user preferences

We must end this collusion with terror in Colombia

category venezuela / colombia | imperialism / war | non-anarchist press author Thursday July 31, 2014 20:55author by Seumas Milne - The Guardian Report this post to the editors

As talks to end a 50-year war hang in the balance, violent repression carries on – and the US and Britain stand behind it

The Colombian port of Buenaventura is a place of misery and fear. Four-fifths of the mainly black population live in dire poverty and paramilitary gangs exercise a reign of terror. Most of Colombia’s imports come through the port, which is being massively expanded to meet the demands of new free trade agreements.

But there’s no sign of any benefit in Buenaventura’s slums, whose deprivation is reminiscent of the worst of Bangladesh. Most of the city’s population have no sewerage and many no power. Tens of thousands have been forced off their land around the city to make way for corporate “megaprojects”.

Most horrifically, paramilitaries have been dismembering those who cross them with chainsaws in shacks known as chophouses. The police admit a dozen have met these grisly deaths in recent months, but Buenaventura’s bishop says the real figure is far higher.

The government insists the rightwing paramilitary groups that have terrorised Colombia’s opposition have been dissolved. But in Buenaventura, they can be seen openly fraternising with soldiers on the streets, and they even publish their own newspaper.

Hundreds of miles away in Putumayo, a remote rural area at the heart of the 50-year conflict between the state and the leftwing Farc guerrillas, local peasant farmers are blockading roads and bridges in protest against the destruction caused by oil exploration and the government’s drug-war fumigation of their crops.

In the village of Puerto Vega, locals line up with stories of atrocities and abductions by the police and army. Family members describe how four young trade unionists were shot in May by soldiers who later claimed they were killed in combat. It’s not the guerrillas they fear, villagers say, but the authorities.

It’s a similar story in the working-class Soacha suburb of Bogotá, where mothers of young men abducted and murdered by soldiers who falsely claimed they were guerrillas to qualify for bonuses weep as they describe years of campaigning to have those responsible brought to justice. More than 3,000 civilians are estimated to have been killed in this way in the past decade.

This is the reality of Colombia today. But it’s not, of course, the story sold by the Colombian government and its US and British backers. As far as they’re concerned, the peace talks with the Farc are heading for success after Juan Manuel Santos was re-elected president last month on a peace ticket.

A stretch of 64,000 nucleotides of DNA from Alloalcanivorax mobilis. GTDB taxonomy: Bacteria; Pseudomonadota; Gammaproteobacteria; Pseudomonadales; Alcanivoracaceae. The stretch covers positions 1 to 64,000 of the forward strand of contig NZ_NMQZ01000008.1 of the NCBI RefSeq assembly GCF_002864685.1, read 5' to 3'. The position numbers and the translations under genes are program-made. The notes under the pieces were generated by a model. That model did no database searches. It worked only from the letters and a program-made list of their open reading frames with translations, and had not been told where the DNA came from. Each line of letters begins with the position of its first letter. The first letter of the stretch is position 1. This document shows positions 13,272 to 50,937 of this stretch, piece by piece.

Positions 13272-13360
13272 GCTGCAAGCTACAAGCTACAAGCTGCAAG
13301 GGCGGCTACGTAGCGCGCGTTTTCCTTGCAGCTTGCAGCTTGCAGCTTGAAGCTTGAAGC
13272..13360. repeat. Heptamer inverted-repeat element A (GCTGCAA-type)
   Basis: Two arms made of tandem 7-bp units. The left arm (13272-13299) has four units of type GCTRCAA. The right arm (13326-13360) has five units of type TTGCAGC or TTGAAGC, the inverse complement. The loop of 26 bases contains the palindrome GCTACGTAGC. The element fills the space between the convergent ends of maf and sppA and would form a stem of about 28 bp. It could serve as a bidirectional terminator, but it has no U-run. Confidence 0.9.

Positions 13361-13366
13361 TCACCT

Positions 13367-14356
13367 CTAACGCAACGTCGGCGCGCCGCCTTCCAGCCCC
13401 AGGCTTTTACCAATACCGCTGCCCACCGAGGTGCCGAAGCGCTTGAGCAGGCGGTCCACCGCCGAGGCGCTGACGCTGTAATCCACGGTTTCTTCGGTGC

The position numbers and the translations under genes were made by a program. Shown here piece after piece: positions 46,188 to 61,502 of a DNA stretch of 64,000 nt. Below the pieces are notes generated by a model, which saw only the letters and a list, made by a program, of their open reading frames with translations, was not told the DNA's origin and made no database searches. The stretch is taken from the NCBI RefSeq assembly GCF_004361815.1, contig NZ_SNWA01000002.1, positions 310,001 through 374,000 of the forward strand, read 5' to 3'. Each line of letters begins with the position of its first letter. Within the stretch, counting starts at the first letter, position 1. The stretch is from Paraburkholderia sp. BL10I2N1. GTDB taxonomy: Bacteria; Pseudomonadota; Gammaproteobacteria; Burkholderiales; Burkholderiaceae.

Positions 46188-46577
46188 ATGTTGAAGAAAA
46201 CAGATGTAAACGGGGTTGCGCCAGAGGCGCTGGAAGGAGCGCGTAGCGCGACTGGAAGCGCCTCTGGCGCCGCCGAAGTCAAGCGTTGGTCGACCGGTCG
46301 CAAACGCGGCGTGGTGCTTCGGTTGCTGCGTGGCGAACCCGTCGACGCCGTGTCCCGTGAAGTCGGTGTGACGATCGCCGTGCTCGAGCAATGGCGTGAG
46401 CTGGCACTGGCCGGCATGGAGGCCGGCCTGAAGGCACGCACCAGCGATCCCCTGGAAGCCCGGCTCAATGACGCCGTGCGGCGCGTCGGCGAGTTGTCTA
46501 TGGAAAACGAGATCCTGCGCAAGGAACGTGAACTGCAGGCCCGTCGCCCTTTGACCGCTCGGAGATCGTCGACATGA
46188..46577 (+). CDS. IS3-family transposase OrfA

Colombian officials talk peace and human rights with an evangelical zeal and a dizzying array of flipcharts. But, as one independent report after another confirms, there is a chasm between the spin and life on the ground. Laws are not implemented or abusers prosecuted. Thousands of political prisoners languish in Colombia’s jails. Political, trade union and social movement activists are still routinely jailed or assassinated.

A quarter of a million have died in Colombia’s war, the large majority of them at the hands of the army, police and government-linked paramilitaries. Five million have been forced from their homes. Although the violence is down from its peak, the killing of human rights and union activists has actually increased in the past year.

One of those jailed is the trade union and opposition leader Huber Ballesteros, arrested last year as he was about to travel to Britain to address the Trades Union Congress. Speaking in La Picota prison in Bogotá last week, Ballesteros told me: “There is no democracy in Colombia, we are confronting a dictatorship with a democratic face.”

Meanwhile in Havana, where peace negotiations have been in train since 2012, Farc guerrilla leaders warn that the process could break down unless the government agrees to meaningful democratic reforms and stops trying to kill the organisation’s leaders.

There’s no doubt the Farc wants to end its armed campaign, which first emerged as a defence of peasant farmers and has been used to smear and terrorise the country’s opposition for decades. But the guerrillas’ frustration with a one-sided process and a government that refuses to respond to their unilateral ceasefires is clearly growing.

It’s people like Ballesteros and the mothers of Soacha who have attracted the solidarity of British and Irish trade unionists and MPs, regularly brought to Colombia – where close to 3,000 union activists have been murdered since 1986 – by the British NGO Justice for Colombia.

But it’s the Colombian state and military, responsible for decades of dirty war and the worst human rights record in the hemisphere, that the US and British governments stand behind. Colombia is Washington’s closest ally in Latin America, the third largest recipient of US military and security aid in the world.

That’s why the Colombian conflict has been branded “America’s other war”, as it morphed from a fight against communism to a battle against drugs to another front in the war on terror. But Britain is also intimately involved, as it strengthens what the British ambassador in Bogotá, Lindsay Croisdale-Appleby, calls a “close” and “long-term institutional relationship” with the military.

The interests are both strategic and economic, as Colombia has opened up its resource-rich economy to privatisation and foreign investment. Western corporations such as the US-owned Chiquita banana company have been found to have directly financed paramilitaries that have cleared peasant farmers off prime land and attacked trade unions.

Santos represents that part of the Colombian elite that wants to end the war to make way for large-scale corporate investment. The progressive tide that has swept Latin America and brought leftwing governments to power across the region is also less favourable to the traditional death-squad model of rightwing politics.

A peace deal with effective protection for the opposition could open up the possibility of real change in Colombia. But that demands support for those genuinely trying to make it happen – and for the global powers that preach human rights to end their backing of repression and terror on an industrial scale.